Séte, France

We spent a week rummaging in Giles Peterson’s record box

Spread over an otherwise sleepy fishing town in the south of France, Gilles Peterson’s Worldwide Festival in Séte has just had its tenth edition. Combining a beach holiday atmosphere with pumping festival vibes. It just fucking works. While maintaining an ‘inclusive, small festival feel’ seems important, ‘eclecticism’ is still its watchword. Peterson’s brand is eclecticism, and the range of music truly is impressive: jazz, dubstep, d’n’b, soul, disco, house & techno, and most things in between. The music attracts an international, slightly older and rave-wise crowd. The number of rufescent Brits Abroad increased as the week went on, but there were plenty of other nationalities, avoiding the British Invasion vibe encountered at something like Outlook. Worldwide’s church is broad, and so are its disciples.

The music began on Monday. Once we’d collected our wrist bands from the local tourist office (where else?), we headed to La Criée. Its usual function as a fish auction was occasionally betrayed by the smell carried on the breeze, but we nonetheless caught the end of Paul Brisco & the pavonine Guy L’amour, a DJ + guy on bongos outfit. Then, Théâtre de la Mer. An ancient, cliff-hugging fort converted into an open-air amphitheatre. TDM is, without doubt, one of the best venues in Europe. Tiered seats cascade into a rhomboid shape, with the stage at the bottom, affording wide angles on the sea and excellent sound. With the wind soughing into the microphone, newcomer Dayme Arocena tore the place down with passion and vocal dexterity, her version of Peven Everett’s classic Stuck surpassing the original. Jazz and soul pioneer Roy Ayers followed, with a fun, firmly ‘old school’ set (they even sold CDs at the end).

Annoyingly, we missed Young Marco on Tuesday, but made it to TDM in time to catch most of James Blake’s set. It was well-received, but lifeless. I can’t escape feeling all his songs are, essentially, trendier versions of Natasha Beddingfield’s I Bruise Easily. We also didn’t stay long for the DMZ 10th anniversary that followed, said anniversary largely reminding us how little “dubstep” per se has changed, especially when compared to its more interesting descendants.

Wednesday saw the first music at the Beach Stage. Hugo Mendez supplied the Afro-Caribbean and Latin soundtrack, but the real surprises were at TDM. Ed Motta, a superstar in Brazil, is blessed with an extraordinary voice, by turns orotund and sonorous, fluted and plaintive. Towards the end, he was joined by Dayme Arocena and Roy Ayers for a gutsy, improvised version of Everyone Loves the Sunshine. The Paradise Bangkok Molam International Band followed with a set of such pure fun everyone present was on their feet, despite few in the audience knowing any of the songs.

The next day they had the Beach Stage exactly right. Floating Points is easily one of the best DJs in the world right now, and Hunee complemented his sound beautifully as the pair played a broad range of Latin, jazz, funk, soul, disco and a bit of house. It not being a genre to enjoy on a three-night hangover, we skipped the d’n’b night at St Christ (LTJ Bukem, Fabio, etc.), but heard positive reports later.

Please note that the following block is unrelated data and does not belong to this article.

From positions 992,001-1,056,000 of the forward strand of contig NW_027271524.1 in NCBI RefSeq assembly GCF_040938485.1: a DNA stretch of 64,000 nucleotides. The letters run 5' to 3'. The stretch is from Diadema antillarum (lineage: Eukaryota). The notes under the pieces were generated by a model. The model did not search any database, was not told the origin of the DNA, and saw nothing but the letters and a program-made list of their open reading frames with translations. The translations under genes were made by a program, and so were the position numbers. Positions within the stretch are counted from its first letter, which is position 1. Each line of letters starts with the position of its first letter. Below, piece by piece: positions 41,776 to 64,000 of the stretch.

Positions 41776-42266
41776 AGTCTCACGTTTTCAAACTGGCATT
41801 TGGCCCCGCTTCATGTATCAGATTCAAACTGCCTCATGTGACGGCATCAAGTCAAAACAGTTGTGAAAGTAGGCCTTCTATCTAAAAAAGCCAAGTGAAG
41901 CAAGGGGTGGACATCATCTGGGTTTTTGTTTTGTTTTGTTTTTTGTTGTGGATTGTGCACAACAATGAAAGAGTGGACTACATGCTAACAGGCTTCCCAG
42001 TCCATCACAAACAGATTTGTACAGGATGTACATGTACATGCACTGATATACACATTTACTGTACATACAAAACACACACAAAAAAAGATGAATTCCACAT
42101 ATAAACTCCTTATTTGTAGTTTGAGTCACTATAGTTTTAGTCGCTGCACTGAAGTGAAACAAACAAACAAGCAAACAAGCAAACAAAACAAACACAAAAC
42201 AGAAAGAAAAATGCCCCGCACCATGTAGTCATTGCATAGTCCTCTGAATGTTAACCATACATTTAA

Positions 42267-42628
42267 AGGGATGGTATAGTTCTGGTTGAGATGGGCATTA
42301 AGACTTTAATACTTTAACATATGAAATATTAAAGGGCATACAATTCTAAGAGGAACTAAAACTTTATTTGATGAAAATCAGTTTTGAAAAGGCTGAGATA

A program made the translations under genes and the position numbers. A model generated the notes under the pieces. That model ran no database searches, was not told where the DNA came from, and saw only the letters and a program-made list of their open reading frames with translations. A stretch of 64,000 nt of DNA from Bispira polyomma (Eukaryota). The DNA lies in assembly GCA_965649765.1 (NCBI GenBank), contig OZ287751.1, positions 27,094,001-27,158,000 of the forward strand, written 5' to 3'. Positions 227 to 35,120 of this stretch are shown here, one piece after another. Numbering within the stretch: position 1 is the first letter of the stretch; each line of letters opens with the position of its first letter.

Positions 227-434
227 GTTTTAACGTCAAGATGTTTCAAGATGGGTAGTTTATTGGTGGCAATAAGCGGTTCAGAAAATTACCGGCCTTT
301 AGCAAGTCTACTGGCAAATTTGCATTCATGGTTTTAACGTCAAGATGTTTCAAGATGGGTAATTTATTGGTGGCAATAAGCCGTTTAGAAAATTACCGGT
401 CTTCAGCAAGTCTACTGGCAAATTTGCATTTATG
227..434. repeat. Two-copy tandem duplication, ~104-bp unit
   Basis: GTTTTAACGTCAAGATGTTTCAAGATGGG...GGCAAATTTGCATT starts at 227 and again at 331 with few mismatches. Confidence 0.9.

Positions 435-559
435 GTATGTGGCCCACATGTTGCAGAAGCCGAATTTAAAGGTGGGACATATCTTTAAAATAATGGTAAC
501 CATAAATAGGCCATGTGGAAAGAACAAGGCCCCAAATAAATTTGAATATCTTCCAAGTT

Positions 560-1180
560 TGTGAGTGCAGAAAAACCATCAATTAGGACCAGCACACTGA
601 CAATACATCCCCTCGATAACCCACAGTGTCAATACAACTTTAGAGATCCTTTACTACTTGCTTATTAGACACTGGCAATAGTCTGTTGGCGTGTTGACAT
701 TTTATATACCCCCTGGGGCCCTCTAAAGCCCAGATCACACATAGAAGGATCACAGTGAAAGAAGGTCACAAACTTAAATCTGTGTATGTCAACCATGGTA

Friday was a mixed bag. LV tried to turn the beach stage, at 3pm, into a sweaty night at Plan B, circa 2008. It didn’t work. Benji B was better, playing recognisable tunes like Detroit Experiment’s Think Twice. Later, at St Christ, a larger, purpose-built, more ‘professional’-feeling venue at the end of a long pier, Simbad & Louie Vega set a solid foundation for DJ Harvey to follow which, unfortunately, was rapidly eroded by Tirzah; FKA Twigs-lite. It was an odd 45 minutes, the entire crowd undulating – not to the beat – but with collective shrugging. By 3, though, nobody cared. DJ Harvey had stepped up. I could spout some frothy hero-worship, ensky the man; all you really need to know is that Harvey is a fucking alchemist, not a deejay. Peterson could only manage a gormless “wow” every few minutes, but did at least spot the last track for us (Petula Clark’s cover of Not in Love).

The weekend proper saw Herbert giving a object lesson in how to alienate a crowd. He prefaced his live set by reeling off a bunch of snippets of tracks he wasn’t going to play. This was presented as humorous, but I sensed the crowd now wanted to hear the banging techno tracks he just said he wouldn’t play. He recovered well, though, winning the crowd eventually. Oneman closed with a set that was hyaline but ultimately unsurprising.

By Sunday, a palpable sense of logy anhedonia pervaded the crowd. Simbad had his work cut out for him at the beach, but coaxed tired legs into something resembling dancing by set’s end. Worldwide favourite Osunlade went a little deeper and was rewarded for it, and Gilles Peterson closed out the Beach with a crowd-pleasing set. Guttingly, we missed Henrik Schwarz’s Trialogue outfit, on as they were at 11:15 at St Christ, but Laurent Garnier more than made up for it with a euphoric, 90s-as-fuck house & techno set. Ending on Man with a Red Face, Garnier handed over to Peterson to finish. He started on The Reflex’s version of Don’t Make Me Wait Too Long, and ended on Dayme Arocena’s version of Stuck; Inspector Norse was in there somewhere too, as was Roy Ayers. It was the kind of set, and the kind of atmosphere, where he could get away with playing Bill Withers’ Lovely Day as the sun rose, without anyone thinking it was cheesy.

As the crowd dispersed, everyone took on that oddly disassociated mindset seven days of raving engenders. I felt we’d spent a week rummaging in Giles Peterson’s record box, disliking some, loving a few, and discovering plenty. While the eclecticism meant there was music we didn’t enjoy, the ambiance more than compensated.